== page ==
Each satellite-guided path typically follows a route that any airplane might fly without using instruments, in good visibility, and with no other traffic.
With the satellite-based system, pilots can fly these routes more accurately in darkness or bad weather and with other traffic nearby.
In addition, the landing approach can be designed so that the airplane descends gradually to the runway, rather than in the stair-step pattern typical today.
The step pattern is necessary now to keep airplanes separated. Planes must maintain one altitude until granted permission by a controller to descend to the next level. The pattern wastes fuel because to stay level, the engines must generate thrust.
The precision of the satellite-guided path allows a plane to take a more direct approach without fear of interfering with other traffic. Descending smoothly allows a virtual glide with the engines at idle, which means they are quieter and not consuming fuel.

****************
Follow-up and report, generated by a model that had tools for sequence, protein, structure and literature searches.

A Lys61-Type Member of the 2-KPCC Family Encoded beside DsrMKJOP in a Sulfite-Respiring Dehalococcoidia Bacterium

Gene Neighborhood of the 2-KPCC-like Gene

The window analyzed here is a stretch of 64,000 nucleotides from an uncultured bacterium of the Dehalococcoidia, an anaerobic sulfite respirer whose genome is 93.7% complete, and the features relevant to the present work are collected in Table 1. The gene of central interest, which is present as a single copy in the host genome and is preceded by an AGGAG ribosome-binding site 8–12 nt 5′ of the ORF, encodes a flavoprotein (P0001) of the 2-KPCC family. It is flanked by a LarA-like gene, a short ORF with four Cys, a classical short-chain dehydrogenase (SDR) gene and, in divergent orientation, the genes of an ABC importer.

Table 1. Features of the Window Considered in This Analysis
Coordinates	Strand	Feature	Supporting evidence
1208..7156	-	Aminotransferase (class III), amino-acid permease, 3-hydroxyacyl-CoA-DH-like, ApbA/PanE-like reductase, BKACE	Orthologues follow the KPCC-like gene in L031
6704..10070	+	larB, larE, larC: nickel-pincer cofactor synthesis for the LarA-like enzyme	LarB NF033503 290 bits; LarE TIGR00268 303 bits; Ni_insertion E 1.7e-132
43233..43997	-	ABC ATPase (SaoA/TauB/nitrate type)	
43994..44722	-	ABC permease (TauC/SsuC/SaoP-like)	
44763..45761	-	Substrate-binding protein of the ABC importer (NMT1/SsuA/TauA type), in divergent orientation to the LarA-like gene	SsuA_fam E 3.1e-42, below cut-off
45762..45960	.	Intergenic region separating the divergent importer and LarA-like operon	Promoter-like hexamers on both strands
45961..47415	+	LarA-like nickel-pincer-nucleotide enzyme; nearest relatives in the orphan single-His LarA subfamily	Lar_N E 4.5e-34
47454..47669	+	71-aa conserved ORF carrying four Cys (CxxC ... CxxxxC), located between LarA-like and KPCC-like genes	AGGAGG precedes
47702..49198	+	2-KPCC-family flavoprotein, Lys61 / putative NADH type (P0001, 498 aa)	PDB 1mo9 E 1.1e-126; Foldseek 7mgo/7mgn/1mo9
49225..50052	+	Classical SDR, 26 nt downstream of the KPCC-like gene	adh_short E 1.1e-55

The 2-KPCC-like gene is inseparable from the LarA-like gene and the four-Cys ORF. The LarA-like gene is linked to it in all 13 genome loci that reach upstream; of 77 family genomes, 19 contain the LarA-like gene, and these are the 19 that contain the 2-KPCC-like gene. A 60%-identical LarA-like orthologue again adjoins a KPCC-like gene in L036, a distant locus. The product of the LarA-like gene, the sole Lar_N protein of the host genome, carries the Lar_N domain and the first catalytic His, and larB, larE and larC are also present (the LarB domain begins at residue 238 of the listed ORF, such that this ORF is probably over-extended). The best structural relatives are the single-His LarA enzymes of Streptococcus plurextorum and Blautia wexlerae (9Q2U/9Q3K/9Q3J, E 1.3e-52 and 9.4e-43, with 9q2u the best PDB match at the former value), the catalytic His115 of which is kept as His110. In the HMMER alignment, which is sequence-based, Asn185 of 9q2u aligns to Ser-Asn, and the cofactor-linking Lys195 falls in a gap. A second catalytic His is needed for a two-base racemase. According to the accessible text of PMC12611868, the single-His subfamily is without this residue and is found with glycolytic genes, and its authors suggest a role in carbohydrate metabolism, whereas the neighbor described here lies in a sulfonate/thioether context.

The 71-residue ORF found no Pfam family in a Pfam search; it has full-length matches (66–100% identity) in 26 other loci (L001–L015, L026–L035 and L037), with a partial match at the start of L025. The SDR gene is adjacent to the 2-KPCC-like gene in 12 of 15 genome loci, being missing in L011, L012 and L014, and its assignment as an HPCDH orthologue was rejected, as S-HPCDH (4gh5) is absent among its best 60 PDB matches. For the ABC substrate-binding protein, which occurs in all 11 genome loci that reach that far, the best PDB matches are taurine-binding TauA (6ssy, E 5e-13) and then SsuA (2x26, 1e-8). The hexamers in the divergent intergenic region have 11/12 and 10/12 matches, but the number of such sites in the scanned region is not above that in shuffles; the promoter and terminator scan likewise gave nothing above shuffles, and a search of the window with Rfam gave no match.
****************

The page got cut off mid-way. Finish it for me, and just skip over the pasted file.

Aboard the Alaska Airlines test flight, John Hickey, an FAA deputy administrator for aviation safety, marveled at navigating such a precise, curved approach on autopilot.
"The interaction with air traffic control was minimal," Hickey said. "It is very, very impressive."
With the new system, air traffic controllers should have a less hectic job, mostly monitoring traffic and giving minimal directions to planes that are much farther out. In an emergency, controllers can always revert to the old system.
Two companies specialize in developing these GPS-based NextGen landing procedures: Boeing's navigation subsidiary, Jeppesen, and Kent, Wash.-based Naverus, founded by two Alaska Airline pilots who in the 1990s developed the procedures for the airline at its airports in Alaska.
The Sea-Tac procedures were designed by Jeff Witt, a former US Airways 737 pilot who now works in Jeppesen's Atlanta office, with input from Alaska's pilots and air traffic controllers.